Capability Framework – Werribee Mercy Hospital Emergency Department

Locations:

The following services are not currently available at WMH:

  • acute specialties including ear, nose and throat (ENT), gastroenterology, neurology, vascular and plastics
  • management of haematemesis and melaena
  • cardiac catheter laboratory
  • magnetic resonance imaging (MRI)
  • acute gastrointestinal scoping
  • interventional radiology
  • electroencephalogram (EEG)
DepartmentAvailability at Werribee Mercy Hospital
Emergency DepartmentYes (24 hours)
Intensive Care Unit (ICU)Yes (24 hours)
Critical care unit (CCU)No
PathologyYes (24 hours)
RadiologyYes (24 hours)

Accidents/injuries

FallsYes – No to suspected NOF fractures
FracturesYes – No longbone
DislocationsYes – simple
Fractured FemurNo
WoundsYes
Wounds PlasticsNo
PneumothoraxYes
Children under 16 – FracturesNo – if ongoing treatment or admission needed
ConcussionYes

Emergency surgery

Children under 16No
General SurgeryYes
Orthopaedic – AdultYes – simple
Orthopaedic – PaediatricNo
UrologyYes
NeurologyNo
VascularNo

Medical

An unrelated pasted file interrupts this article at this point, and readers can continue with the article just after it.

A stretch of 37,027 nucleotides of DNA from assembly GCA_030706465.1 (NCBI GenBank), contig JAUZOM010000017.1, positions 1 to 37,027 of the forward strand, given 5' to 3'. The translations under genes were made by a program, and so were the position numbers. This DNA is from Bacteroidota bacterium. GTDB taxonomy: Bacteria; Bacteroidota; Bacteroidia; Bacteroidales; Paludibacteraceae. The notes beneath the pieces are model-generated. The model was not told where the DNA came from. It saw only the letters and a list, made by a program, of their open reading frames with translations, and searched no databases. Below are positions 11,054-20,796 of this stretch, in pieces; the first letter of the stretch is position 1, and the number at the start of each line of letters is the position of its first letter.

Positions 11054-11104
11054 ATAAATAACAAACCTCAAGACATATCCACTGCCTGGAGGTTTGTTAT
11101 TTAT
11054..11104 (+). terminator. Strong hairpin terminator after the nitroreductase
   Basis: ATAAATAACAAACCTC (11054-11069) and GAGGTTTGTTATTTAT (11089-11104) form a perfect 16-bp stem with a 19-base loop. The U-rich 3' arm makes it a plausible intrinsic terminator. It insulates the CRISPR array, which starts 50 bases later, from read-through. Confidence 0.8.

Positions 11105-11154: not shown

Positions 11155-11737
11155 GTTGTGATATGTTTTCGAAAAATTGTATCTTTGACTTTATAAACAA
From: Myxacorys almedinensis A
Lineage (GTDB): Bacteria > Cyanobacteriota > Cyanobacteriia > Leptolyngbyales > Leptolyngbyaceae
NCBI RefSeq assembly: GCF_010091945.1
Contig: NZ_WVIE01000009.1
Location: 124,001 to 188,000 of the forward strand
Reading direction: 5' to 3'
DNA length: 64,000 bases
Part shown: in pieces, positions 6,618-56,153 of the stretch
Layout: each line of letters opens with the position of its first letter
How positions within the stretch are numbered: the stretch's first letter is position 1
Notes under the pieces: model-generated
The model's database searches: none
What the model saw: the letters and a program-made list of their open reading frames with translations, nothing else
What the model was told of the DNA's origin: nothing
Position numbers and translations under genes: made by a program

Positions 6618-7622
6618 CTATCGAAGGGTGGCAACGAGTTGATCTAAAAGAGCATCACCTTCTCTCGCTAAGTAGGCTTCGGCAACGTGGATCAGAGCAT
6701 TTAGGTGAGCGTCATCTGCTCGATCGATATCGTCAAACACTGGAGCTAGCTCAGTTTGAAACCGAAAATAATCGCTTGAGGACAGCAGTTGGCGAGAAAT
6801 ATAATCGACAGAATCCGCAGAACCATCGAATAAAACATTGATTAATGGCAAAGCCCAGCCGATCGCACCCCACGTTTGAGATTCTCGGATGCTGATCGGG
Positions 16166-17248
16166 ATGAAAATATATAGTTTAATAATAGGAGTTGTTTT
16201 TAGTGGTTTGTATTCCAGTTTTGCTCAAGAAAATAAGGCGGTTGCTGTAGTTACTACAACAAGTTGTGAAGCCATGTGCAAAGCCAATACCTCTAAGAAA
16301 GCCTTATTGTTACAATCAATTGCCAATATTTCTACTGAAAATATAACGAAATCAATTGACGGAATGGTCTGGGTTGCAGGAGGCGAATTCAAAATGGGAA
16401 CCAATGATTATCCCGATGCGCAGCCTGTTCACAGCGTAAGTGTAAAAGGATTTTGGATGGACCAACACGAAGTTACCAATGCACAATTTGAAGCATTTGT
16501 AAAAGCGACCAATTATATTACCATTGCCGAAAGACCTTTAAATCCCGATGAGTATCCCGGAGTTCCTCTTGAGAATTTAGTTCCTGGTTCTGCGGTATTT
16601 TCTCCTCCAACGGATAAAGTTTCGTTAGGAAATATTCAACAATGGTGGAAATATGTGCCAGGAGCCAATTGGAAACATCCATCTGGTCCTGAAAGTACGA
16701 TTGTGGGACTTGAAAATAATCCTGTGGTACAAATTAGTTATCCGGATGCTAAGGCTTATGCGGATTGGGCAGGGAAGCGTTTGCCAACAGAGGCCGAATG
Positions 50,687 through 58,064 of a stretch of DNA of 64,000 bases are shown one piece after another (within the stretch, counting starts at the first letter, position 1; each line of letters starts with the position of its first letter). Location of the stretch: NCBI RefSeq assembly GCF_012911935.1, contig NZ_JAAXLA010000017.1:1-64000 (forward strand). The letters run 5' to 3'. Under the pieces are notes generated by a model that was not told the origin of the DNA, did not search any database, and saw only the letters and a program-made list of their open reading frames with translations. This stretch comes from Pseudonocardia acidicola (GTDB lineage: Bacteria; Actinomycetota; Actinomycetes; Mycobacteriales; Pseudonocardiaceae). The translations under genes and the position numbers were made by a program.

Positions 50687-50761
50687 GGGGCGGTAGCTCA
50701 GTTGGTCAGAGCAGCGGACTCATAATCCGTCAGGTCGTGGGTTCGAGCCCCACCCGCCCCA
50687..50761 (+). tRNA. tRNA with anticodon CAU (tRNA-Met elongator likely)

Children under 18Yes
Angina – unstableNo
APO –SevereYes
AnaphylaxisYes
AsthmaYes
Cardiac Arrest – PostYes
Chest painYes – No ST Elevation (no cath lab onsite)
COPDYes
Endocrinology – (DKA & HONK)Yes
GastroenterologyNo
HeadachesYes
Heart FailureYes – if stable
Infectious DiseaseYes
OncologyYes – preferably home hospital
RespiratoryYes
Seizures – MultipleYes
Seizures – UncomplicatedYes
SepticaemiaYes
Stroke / TIAYes – VST onsite
SyncopeYes

Mental Health

Children PsychYes
Adult PsychYes
Geriatric PsychYes

Women’s health

GynaecologyYes – adults and children
ObstetricsYes – adults only

Specific presentations as per Statewide referral Criteria

ENT

Yes:

Recurrent tonsillitis

Acute tonsillitis with:

  • difficulty in breathing
  • unable to tolerate oral intake
  • uncontrolled fever

Vertigo (ENT)

  • Sudden onset debilitating vertigo where the patient is unsteady on their feet or unable to walk without assistance
  • Barotrauma with sudden onset vertigo, or symptoms suggestive of stroke or transient ischaemic attacks

Gastroenterology

Yes:

Chronic refractory constipation

  • Suspected large bowel obstruction
  • Faecal impaction that has not responded to adequate medical management.

Constipation with sentinel findings

  • Suspected large bowel obstruction
  • Faecal impaction that has not responded to adequate medical management.

Diarrhoea with sentinel findings

  • Severe diarrhoea with dehydration or when the person is systemically unwell.

Persistent iron deficiency